A FEW OTHER EVENTS FOR
JANUARY 26:

  • Happy birthday Jules Feiffer (The Phantom Tollbooth) and Ashley Wolff (Miss Bindergarten books).
  • It’s the birth date of Mary Mapes Dodge (1831–1905), Hans Brinker, or the Silver Skates, and Charles Mikolaycak (1937–1993), Babushka.
  • Happy birthday Michigan, admitted as the 26th U.S. state in 1837.
  • In 1863, during the American Civil War, Governor of Massachusetts John Albion Andrew receives permission from the Secretary of War to raise a militia organization for men of African descent. Read Which Way Freedom by Joyce Hansen, Riot by Walter Dean Meyers, and From Slave to Soldier by Deborah Hopkinson, illustrated by Brian Floca.

Today we celebrate Australia Day, when in 1788 the first settlement was established at Port Jackson, now part of Sydney. The Australian writing and illustrating community seems to me to be the most vibrant and original group of children’s book creators working any place in the world. In a few short years Australian writer Marcus Zusak has distinguished himself as the premier writer for young adults with titles like The Book Thief and I Am the Messenger.

Our Australian author of the day, John Flanagan, wrote the Rangers Apprentice series, which first appeared in the United States five years ago. I picked it up because it was consistently recommended as a no-fail book for fourth through sixth graders by both booksellers and teachers. If you are hunting for a book for this age group that will engage boys and girls, readers and nonreaders, the series contains pure magic.

At the beginning of the series in The Ruins of Gorlan readers meet Will, who was left as an orphan in the care of Baron Arald. Raised in this European medieval society by the Baron, Will and the rest of the wards become apprentices if they are chosen by a person who wants to train them for a profession. All of Will’s companions receive their heart’s delight—cooking, diplomacy, or battle school. But Will finds himself the apprentice of a shifty, strange Ranger, called Halt, who begins to teach the boy how to serve the kingdom. Since a huge war is brewing, the Rangers will be needed, as they have been before, to combat the evil Morgarath.

Both Will and Halt emerge as fabulous characters. Readers cheer on the boy as he learns his craft and helps his fellow ward Horace turn the tables on some Battle School bullies. In the final scenes, the stakes are raised as Will and Halt take on the almost invincible Kalkara. Epic fantasy, an orphan boy longing for his unknown father, the conflict of good and evil, and training for a special place in society—all these components have been used many times before. But because Flanagan has a genius for storytelling, by building tension and creating dramatic scenes, the book is much greater than the sum of its parts. Both character and action driven, it compels readers to finish this story and continue the series.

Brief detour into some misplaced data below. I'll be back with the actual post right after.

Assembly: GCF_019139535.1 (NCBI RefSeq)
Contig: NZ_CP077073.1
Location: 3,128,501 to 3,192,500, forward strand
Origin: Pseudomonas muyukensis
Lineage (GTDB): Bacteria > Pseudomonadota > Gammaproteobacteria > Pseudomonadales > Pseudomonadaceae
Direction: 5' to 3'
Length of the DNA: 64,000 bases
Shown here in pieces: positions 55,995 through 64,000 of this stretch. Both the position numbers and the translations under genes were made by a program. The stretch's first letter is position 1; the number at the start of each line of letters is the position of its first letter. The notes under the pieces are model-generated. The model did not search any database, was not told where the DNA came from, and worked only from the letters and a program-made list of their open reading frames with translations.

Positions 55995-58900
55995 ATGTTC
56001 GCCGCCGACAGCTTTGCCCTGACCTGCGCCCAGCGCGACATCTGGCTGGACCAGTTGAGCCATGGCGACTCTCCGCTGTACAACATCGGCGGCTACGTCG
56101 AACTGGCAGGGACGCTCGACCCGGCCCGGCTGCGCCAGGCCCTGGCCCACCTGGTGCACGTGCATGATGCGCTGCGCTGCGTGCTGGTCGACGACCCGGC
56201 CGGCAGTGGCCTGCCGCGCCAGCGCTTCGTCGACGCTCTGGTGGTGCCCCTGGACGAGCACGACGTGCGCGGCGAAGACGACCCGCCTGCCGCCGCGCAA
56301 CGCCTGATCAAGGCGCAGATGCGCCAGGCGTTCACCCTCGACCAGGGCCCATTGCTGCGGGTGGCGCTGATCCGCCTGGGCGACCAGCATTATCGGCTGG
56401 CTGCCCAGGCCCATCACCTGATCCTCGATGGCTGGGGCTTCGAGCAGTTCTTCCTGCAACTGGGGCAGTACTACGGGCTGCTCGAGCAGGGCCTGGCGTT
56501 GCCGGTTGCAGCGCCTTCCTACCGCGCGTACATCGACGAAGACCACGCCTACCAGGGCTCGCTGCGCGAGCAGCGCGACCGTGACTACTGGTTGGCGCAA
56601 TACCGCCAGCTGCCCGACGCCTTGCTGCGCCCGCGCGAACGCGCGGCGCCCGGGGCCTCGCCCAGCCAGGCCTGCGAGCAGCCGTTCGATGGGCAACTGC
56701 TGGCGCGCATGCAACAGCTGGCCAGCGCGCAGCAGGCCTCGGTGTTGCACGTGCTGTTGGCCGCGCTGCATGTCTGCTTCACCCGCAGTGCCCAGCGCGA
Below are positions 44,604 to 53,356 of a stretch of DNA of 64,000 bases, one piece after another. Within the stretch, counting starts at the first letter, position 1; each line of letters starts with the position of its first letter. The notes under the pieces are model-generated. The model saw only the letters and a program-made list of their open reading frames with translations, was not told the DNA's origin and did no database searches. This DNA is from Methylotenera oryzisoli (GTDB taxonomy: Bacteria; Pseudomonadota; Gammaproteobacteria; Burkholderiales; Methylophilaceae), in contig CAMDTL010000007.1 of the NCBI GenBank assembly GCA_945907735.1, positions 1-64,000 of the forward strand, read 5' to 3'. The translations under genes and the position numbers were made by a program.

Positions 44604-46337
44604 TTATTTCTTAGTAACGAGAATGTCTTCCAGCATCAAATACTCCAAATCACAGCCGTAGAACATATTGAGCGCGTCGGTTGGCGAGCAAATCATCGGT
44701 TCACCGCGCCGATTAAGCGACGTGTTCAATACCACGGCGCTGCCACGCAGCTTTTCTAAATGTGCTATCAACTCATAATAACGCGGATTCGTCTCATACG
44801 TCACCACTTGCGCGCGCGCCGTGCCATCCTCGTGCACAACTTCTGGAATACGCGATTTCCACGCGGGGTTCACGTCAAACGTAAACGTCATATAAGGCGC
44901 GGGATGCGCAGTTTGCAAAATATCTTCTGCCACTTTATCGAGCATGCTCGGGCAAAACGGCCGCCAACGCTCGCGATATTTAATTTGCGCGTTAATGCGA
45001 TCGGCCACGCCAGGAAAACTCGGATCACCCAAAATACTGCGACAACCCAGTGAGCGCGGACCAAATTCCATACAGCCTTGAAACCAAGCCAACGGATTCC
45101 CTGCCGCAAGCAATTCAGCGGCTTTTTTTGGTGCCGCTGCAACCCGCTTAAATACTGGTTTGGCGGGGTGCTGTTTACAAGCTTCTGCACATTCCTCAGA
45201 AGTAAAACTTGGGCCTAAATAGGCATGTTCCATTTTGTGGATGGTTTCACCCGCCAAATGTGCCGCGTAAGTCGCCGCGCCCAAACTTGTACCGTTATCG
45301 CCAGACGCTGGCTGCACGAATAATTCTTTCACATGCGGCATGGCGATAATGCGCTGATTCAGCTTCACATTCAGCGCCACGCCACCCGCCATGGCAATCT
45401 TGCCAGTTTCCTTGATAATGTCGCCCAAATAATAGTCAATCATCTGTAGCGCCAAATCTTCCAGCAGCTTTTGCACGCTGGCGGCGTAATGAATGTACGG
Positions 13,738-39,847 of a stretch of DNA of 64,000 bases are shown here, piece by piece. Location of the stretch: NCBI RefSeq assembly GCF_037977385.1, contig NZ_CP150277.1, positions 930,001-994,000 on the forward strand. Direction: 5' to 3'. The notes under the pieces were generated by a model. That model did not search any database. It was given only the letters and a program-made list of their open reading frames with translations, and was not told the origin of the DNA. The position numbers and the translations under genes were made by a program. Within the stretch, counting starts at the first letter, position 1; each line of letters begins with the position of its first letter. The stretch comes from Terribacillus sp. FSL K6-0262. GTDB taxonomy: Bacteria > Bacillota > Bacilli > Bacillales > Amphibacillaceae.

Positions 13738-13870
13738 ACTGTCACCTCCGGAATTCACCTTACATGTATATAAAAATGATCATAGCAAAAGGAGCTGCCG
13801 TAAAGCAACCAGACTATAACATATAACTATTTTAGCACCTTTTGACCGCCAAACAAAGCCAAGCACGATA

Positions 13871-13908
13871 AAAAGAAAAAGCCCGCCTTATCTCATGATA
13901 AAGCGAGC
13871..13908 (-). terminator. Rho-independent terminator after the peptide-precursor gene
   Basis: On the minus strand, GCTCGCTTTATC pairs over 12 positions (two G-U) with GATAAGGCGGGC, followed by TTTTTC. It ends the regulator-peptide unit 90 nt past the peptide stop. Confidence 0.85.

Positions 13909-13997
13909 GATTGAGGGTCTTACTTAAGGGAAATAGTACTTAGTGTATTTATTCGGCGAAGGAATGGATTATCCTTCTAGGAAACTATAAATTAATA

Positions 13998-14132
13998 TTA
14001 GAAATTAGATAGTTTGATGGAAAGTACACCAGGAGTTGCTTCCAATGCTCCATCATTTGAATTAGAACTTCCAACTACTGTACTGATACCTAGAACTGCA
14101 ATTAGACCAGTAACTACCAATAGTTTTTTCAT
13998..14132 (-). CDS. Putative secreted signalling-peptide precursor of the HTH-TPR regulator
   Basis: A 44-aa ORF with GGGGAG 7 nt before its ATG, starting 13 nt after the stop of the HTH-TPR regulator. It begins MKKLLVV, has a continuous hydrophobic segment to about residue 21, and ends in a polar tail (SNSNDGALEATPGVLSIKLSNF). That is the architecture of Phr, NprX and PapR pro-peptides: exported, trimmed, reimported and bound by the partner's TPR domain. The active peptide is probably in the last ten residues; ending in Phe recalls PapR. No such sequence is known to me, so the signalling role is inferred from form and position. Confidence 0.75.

The series has sold over two millions copies worldwide, and a movie has been in development for some time. Rather than wait for it to appear in a theater near you, pick up these books to celebrate Australia Day. And don’t just pass them to the children in your life. Just like Philip Pullman and Stephanie Meyer, John Flanagan has as many devoted readers among adults as he does children.

Here’s a passage from The Ruins of Gorlan:

As the wind stirred the upper branches of the trees, they created moving patterns in the moonlight—patterns that Will now used to great effect. He instinctively matched his movement to the rhythm of the trees, blending easily into the pattern of the yard, becoming part of it and so being concealed by it. In a way, the lack of obvious cover made his task a little easier. The fat sergeant didn’t expect anyone to be moving across the open space of the yard. So not expecting to see anyone, he failed to do so.